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Obamacare Critics Said Obama Was 'Cooking the Books.' New Data Shows He Wasn't.

Joe Raedle/Getty Images

Another talking point against Obamacare just went poof. In the spring, as enrollment in the Affordable Care Act surpassed 7 million and settled above 8 million, critics said that the figures were an illusion. Insurance companies had warned that not everybody picking a plan on or one of the state exchanges was going to pay their premiums. With Department of Health and Human Services (HHS) officials unable or unwilling to provide data on the payup rates, critics assumed the worst. At one point, House Republicans put out a report suggesting that only two-thirds of people selecting coverage were paying up.

That report was misleading in obvious ways and insurance executives said, publicly, that the payup rate was likely to be at least 80 percent and probably closer to 90. Charles Gaba, the blogger who compiled a frighteningly accurate record of predicting enrollment, made the case that paid enrollment was still high. It didn't dampen the conservative skepticism. Bogus Obamacare numbers took their place in the pantheon of conservative conspiracy theories, right alongside Behghazi. Senator John Barrasso accused the Administration of "cooking the books."

On Thursday, HHS finally offered an official assessment. As of August, the department says, paid enrollment was 7.3 million. That's less than 8 million, obviously, but don't take that as a sign that things have gone wrong. As Igor Volsky of ThinkProgress notes, the insurance market isn't static. Some people will change their insurance coverage during the course of a year, because they pick up or leave jobs that offer benefits.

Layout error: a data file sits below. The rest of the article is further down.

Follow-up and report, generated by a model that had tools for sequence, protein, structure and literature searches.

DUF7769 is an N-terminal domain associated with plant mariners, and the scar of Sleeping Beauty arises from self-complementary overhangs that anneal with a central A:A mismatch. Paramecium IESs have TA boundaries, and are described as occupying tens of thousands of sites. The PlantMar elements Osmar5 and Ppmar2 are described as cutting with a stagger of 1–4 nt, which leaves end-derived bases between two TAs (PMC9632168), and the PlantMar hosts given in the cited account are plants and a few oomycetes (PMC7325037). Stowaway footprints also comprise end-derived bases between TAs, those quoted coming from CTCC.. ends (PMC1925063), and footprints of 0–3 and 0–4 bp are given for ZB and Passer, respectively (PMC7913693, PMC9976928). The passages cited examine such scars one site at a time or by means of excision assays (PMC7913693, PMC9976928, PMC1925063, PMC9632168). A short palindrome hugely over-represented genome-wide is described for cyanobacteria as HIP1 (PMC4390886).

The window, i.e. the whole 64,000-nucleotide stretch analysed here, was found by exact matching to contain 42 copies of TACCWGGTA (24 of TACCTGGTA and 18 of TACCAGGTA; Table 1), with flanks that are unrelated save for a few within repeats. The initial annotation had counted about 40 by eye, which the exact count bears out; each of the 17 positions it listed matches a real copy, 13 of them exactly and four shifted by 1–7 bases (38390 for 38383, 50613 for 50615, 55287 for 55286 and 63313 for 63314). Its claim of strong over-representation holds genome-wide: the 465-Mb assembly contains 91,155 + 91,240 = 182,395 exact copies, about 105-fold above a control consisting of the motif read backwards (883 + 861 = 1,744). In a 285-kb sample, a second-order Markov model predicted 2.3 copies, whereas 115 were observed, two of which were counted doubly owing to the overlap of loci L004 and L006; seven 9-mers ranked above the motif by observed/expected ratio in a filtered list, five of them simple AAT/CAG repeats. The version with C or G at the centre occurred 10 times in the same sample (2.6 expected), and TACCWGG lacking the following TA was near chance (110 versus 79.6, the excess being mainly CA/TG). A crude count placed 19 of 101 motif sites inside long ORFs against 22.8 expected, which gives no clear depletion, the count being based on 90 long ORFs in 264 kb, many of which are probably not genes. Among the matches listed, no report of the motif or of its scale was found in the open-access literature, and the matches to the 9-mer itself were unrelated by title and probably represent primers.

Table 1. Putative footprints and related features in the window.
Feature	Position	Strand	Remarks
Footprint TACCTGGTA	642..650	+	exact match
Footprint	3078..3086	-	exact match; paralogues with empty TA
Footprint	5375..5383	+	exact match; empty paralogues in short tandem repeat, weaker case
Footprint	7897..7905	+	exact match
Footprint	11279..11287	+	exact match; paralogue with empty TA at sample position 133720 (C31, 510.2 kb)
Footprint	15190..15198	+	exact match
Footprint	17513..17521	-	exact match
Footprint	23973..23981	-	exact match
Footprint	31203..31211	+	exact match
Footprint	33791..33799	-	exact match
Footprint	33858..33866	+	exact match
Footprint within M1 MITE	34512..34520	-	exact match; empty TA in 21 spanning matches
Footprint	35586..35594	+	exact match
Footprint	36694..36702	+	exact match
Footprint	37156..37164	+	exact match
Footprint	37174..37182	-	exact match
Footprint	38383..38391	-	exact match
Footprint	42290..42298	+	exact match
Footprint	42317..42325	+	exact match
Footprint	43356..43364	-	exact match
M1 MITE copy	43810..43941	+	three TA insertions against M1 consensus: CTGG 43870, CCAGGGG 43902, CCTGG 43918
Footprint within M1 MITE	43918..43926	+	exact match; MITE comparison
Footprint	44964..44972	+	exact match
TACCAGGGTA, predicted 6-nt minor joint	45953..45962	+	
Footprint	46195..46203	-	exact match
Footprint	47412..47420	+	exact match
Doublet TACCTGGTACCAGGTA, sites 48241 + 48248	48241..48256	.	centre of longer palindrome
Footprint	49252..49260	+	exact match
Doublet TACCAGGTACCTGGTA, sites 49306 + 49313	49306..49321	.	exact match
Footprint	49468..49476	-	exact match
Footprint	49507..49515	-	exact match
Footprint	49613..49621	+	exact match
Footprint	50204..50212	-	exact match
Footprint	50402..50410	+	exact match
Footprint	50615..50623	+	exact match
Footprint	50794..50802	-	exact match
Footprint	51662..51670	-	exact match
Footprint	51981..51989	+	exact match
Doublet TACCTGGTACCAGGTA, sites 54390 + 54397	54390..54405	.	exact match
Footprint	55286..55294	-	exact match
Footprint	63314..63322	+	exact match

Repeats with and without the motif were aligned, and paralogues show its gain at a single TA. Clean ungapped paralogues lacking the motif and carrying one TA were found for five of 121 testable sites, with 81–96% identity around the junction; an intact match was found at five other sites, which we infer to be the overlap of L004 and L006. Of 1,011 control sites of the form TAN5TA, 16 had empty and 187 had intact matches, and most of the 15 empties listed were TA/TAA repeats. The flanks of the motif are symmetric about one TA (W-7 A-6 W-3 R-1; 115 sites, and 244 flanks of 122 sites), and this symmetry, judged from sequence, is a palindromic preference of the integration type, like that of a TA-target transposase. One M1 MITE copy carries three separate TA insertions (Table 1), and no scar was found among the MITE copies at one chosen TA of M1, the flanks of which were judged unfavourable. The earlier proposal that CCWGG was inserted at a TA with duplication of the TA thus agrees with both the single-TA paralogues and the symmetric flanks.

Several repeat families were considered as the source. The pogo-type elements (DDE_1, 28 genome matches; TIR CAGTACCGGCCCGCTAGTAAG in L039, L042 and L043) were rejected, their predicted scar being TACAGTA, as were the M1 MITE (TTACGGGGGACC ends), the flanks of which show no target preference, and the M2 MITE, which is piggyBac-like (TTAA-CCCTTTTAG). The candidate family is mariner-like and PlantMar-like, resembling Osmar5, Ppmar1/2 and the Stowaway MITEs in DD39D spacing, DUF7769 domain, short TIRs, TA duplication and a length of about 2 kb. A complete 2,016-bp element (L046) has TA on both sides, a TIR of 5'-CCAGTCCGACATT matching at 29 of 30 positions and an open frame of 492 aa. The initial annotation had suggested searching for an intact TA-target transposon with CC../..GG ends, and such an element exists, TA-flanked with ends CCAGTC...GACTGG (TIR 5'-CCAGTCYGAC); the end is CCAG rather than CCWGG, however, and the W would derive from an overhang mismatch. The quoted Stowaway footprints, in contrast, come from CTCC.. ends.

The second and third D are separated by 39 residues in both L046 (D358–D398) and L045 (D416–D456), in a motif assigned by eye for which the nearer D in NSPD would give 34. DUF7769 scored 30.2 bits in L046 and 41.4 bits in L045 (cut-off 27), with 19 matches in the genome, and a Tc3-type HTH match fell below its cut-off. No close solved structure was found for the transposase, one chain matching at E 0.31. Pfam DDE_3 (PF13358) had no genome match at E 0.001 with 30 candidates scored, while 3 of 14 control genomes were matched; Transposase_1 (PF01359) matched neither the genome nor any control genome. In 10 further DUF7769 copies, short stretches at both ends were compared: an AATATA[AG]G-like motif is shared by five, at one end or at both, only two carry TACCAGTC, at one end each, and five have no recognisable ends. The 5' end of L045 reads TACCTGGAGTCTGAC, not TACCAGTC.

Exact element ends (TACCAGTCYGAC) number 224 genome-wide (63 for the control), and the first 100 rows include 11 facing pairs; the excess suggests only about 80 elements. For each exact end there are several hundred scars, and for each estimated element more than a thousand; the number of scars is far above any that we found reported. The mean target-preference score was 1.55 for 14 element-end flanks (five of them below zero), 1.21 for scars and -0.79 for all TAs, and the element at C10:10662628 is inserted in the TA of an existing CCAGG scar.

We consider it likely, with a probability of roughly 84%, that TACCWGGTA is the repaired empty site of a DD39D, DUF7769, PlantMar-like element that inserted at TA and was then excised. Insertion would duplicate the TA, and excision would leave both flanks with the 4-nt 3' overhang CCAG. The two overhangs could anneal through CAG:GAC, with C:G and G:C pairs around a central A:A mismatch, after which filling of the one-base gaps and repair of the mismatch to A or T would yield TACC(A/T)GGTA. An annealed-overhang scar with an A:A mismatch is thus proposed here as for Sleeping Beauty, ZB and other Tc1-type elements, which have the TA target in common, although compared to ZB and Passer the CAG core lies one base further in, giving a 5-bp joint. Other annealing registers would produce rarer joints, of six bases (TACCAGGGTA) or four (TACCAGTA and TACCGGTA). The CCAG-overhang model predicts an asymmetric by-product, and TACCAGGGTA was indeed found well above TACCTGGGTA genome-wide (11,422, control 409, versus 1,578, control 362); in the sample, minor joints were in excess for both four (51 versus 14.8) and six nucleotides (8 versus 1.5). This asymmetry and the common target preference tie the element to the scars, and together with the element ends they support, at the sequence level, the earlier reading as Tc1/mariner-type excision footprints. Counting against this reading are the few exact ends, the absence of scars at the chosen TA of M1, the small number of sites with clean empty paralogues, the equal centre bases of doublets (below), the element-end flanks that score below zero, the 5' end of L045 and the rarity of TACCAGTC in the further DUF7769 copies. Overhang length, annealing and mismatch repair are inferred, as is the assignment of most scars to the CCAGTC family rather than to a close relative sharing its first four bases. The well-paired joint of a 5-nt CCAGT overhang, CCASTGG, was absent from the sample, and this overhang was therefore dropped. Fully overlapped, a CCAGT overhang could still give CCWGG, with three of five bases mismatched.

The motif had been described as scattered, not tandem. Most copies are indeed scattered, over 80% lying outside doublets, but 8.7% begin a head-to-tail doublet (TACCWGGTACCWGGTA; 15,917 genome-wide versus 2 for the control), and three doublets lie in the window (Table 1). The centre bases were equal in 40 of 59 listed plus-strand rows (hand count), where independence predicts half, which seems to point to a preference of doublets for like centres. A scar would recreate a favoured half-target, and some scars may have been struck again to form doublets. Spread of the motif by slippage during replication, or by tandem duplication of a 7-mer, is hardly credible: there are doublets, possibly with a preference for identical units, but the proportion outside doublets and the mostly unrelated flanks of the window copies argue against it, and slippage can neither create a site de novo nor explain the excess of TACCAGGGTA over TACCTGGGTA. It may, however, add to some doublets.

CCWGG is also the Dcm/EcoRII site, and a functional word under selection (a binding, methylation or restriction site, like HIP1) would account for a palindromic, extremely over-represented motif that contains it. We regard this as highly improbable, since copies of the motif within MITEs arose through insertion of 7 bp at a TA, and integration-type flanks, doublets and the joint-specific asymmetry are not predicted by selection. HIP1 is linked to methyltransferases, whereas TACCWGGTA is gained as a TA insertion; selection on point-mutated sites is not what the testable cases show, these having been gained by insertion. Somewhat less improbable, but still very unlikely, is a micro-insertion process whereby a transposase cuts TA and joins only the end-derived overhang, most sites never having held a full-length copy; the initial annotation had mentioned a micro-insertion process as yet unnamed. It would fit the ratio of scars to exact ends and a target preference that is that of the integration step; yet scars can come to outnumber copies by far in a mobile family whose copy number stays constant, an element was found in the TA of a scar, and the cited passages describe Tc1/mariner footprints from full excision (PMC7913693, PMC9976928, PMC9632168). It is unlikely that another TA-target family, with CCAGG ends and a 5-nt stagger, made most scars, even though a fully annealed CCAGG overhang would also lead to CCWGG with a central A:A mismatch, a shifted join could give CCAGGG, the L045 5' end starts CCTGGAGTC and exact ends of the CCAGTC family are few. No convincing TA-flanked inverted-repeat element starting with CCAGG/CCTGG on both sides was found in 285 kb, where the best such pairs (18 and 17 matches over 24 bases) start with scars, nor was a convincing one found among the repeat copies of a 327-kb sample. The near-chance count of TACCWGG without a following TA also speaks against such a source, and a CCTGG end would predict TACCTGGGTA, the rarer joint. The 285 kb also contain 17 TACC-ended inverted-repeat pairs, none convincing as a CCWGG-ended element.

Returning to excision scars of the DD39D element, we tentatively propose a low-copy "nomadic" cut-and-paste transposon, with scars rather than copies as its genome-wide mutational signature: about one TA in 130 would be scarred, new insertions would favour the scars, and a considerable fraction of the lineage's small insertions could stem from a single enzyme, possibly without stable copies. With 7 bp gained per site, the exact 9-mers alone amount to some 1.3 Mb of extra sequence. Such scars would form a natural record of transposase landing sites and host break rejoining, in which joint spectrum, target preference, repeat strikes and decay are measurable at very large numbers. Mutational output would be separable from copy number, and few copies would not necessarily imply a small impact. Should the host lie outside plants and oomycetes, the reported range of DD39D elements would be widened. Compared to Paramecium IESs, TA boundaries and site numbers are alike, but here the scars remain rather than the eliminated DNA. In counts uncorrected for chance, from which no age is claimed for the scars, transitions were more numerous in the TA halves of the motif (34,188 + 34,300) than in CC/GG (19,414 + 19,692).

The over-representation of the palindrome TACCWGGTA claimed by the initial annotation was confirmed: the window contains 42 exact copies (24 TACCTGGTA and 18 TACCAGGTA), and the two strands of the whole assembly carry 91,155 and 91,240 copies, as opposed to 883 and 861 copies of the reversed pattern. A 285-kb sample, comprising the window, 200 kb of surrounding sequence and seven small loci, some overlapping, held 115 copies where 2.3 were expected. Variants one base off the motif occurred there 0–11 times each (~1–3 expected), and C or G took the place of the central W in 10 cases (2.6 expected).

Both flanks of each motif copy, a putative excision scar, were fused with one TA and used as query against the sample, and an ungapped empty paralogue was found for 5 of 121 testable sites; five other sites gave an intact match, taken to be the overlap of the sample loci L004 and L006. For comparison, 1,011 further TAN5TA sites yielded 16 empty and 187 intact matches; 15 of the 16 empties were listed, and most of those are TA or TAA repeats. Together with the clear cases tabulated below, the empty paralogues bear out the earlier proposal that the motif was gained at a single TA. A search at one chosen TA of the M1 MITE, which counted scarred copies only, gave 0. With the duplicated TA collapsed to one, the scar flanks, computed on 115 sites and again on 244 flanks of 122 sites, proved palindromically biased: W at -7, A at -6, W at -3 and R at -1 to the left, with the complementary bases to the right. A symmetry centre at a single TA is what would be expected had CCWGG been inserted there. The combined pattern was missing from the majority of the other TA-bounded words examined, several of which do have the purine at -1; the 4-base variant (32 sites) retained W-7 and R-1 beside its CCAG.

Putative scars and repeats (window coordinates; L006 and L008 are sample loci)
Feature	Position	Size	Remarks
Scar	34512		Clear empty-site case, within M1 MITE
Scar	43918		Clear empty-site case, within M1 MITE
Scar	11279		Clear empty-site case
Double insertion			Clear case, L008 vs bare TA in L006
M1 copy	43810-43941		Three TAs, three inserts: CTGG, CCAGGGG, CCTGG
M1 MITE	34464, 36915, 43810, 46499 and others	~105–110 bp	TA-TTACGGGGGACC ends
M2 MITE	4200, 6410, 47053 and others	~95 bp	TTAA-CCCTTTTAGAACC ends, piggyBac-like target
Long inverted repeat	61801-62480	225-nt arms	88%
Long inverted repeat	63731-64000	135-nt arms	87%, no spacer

Larry Levitt, senior vice president of the Kaiser Family Foundation, offers a similar assessment:

If you're an Obamacare dectractor, there are plenty of arguments that you can make legitimately. You can say the coverage is not generous enough or, if you're more conservatively inclined, that it's too generous. You can say the law's payment reforms too gentle on the health care industry—or too tough. You can object to one of the mandates, just on principle, or wish it were a single-payer system. But one thing you can't say is that the enrollment numbers are bogus. They look like the real thing.